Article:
Making an Impact in the Lynn Community with April’s Pub & Restaurant

By Ranelle Porter,

By Satta Sarmah Hightower | March 18, 2019 | 3 Minute Read

April’s Pub & Restaurant has been serving diverse dishes from fried green plantains and steak mofongo to corned beef hash and chicken marsala to the Lynn community since 1999. The restaurant, which has been a staple in this North Shore town, reflects the owners’ Dominican roots and their whole-hearted embrace of their adopted community. After emigrating from the Dominican Republic in 1989, brothers Roger and Julio Garcia worked together in Salem before eventually pursuing their own ventures in the restaurant world. They then decided to reunite and open their own restaurant in Lynn.

“Working with my brother has been a dream all my life, and it was my father’s dream,” Roger says.

Creating a Presence in the Lynn Community

Launching the restaurant in Lynn was a no-brainer for the brothers. They’ve lived in the community for nearly 30 years and recently, they’ve seen a resurgence in the area, with new development along the city’s waterfront and business corridor. “Lynn is a very unique city, and if you really notice lately, a lot of people are actually moving into Lynn. We have people from all over the place coming. It’s very diverse,” Julio says.

Thanks to a small business loan from Eastern Bank, the brothers were able to open their restaurant in a building downtown. “They opened up the door for us to be able to purchase the building and the whole process was very simple and easy,” Roger says. “[They] even checked on us to see how we were doing after we purchased the building. It makes you feel good, and it makes you feel that there is someone out there that actually cares.”

Fostering a Sense of Community

The brothers worked 17 hours a day, every day to get their business off the ground the first year. The restaurant is the embodiment of the Garcia brothers’ hard work as well as their love for their community and family. Named after Julio’s daughter, April, who has special needs, April’s Pub & Restaurant is meant to bring an essence of heart and joy to the community of Lynn—the same heart and joy that April brings to the family every day.

“She’s such a blessing and I believe that she brings us good luck. The thought of the restaurant is to bring people together,” Roger says. “We always try to keep the name up, and we want to make sure people recognize what [the restaurant is] all about.”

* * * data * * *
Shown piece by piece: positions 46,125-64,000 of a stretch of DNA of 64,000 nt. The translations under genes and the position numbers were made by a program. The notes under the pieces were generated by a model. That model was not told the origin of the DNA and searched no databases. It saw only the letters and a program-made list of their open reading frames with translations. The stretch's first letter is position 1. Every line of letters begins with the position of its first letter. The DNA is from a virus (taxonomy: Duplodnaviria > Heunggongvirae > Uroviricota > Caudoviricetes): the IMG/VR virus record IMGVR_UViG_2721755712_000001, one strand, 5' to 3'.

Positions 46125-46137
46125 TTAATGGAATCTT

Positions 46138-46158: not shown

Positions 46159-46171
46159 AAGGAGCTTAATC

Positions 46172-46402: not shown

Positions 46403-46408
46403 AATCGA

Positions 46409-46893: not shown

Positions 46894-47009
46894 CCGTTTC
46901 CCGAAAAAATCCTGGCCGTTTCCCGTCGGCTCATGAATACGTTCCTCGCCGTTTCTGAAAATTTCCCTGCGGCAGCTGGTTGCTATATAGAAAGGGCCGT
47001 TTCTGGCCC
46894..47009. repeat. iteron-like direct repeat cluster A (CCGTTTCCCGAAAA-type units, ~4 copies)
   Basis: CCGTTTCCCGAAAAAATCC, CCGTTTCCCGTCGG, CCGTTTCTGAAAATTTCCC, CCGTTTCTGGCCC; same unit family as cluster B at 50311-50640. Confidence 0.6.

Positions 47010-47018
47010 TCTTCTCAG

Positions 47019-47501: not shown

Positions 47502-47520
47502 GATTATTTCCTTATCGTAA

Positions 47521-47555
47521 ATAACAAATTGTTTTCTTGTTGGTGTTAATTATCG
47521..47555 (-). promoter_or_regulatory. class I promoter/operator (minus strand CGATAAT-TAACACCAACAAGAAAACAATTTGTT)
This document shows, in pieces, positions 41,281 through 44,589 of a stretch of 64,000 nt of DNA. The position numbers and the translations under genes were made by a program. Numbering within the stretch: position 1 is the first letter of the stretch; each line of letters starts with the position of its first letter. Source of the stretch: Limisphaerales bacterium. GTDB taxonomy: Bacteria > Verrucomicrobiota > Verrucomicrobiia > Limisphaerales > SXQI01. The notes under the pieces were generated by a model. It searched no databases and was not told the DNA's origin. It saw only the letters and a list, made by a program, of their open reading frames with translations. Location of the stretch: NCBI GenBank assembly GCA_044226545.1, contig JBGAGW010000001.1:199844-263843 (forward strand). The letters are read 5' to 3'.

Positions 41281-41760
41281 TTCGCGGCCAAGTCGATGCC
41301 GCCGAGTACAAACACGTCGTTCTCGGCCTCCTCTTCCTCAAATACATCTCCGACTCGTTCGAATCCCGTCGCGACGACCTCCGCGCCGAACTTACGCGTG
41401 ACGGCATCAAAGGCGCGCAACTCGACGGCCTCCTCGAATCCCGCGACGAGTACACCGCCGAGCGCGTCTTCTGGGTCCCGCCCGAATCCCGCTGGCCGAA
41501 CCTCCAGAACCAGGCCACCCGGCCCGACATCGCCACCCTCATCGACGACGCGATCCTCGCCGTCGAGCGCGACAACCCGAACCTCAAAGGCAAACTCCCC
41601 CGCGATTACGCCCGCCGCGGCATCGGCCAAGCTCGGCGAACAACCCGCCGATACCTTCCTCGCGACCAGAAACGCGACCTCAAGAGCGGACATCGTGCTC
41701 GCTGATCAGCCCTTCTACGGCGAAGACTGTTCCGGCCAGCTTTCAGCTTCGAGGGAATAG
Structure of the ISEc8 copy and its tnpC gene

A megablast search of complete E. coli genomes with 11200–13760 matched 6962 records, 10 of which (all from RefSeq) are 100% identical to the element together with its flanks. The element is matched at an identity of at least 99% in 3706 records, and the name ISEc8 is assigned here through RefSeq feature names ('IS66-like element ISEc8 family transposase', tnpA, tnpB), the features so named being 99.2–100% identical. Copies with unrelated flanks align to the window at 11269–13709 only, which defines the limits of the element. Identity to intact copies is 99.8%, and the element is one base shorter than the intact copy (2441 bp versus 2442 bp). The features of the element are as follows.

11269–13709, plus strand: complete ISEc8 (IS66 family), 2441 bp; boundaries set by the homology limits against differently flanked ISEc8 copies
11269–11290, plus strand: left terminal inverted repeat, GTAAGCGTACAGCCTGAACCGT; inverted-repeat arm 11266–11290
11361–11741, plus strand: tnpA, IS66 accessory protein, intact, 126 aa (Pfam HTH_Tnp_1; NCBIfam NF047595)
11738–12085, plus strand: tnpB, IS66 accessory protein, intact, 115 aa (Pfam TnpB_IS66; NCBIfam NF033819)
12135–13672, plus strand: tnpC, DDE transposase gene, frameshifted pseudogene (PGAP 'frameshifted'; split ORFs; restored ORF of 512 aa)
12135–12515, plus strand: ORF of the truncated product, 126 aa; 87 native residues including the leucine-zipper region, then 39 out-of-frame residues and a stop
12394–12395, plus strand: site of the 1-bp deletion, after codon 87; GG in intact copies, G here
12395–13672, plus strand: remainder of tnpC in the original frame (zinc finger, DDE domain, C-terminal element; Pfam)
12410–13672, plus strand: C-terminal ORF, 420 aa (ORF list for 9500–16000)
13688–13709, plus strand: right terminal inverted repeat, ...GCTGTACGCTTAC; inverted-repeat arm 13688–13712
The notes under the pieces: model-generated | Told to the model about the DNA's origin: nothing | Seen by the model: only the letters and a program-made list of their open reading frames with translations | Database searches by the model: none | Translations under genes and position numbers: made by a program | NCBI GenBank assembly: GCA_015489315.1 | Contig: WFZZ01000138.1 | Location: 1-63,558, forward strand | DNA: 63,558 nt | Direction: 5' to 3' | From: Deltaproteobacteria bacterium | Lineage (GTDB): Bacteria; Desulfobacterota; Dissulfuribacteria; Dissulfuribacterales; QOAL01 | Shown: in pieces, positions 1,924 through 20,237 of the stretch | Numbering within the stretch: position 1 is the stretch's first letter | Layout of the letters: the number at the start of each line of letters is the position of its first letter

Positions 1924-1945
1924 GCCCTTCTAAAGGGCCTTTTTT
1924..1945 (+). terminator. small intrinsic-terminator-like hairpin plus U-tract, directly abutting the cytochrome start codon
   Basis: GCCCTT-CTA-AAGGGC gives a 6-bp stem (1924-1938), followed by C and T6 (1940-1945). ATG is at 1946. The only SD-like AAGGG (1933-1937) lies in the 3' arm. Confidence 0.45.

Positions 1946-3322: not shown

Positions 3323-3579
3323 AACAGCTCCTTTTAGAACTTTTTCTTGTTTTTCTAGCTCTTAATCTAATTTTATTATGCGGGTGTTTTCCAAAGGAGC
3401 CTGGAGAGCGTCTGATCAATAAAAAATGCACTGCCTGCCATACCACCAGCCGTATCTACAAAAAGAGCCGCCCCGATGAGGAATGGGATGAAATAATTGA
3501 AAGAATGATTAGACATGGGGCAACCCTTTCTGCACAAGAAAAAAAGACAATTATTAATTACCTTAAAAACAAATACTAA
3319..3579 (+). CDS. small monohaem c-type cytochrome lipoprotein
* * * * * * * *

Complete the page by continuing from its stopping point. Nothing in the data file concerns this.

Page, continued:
But that isn’t the only thing that makes April’s Pub unique. The restaurant is open for breakfast, lunch, and dinner—you can get buttermilk pancakes all day long or stop by around dinner for chicken broccoli alfredo. The brothers say that customers jokingly call the restaurant “the embassy” because it’s such a community gathering place. Roger says that its roots in the community is what has helped the brothers forge such a strong relationship with Eastern Bank. The bank’s Join Us For Good initiative, in particular, shows its willingness to help underserved groups and advocate for social justice causes.

“When you see a company like Eastern Bank doing that, it encourages us to do more for the community,” he says. “That’s what we all should do to be a better community.”

Visit April’s Pub & Restaurant in Lynn for a diverse taste of food and community members.

Artists Beautify the Community During the Beyond Walls Mural Festival

By Ranelle Porter,

By Michael Givens | October 13, 2018 | 4 Minute Read

From August 6 to August 19, the Beyond Walls Mural Festival provided an expansive, two-week artistic experience for visitors and residents of downtown Lynn. The goal was to revitalize public spaces through art and expression while building community and prioritizing safety. Although the festival may be over, the sense of community will last all year long, and the Lynn community invites you to take a stroll downtown to admire the art across the city’s buildings.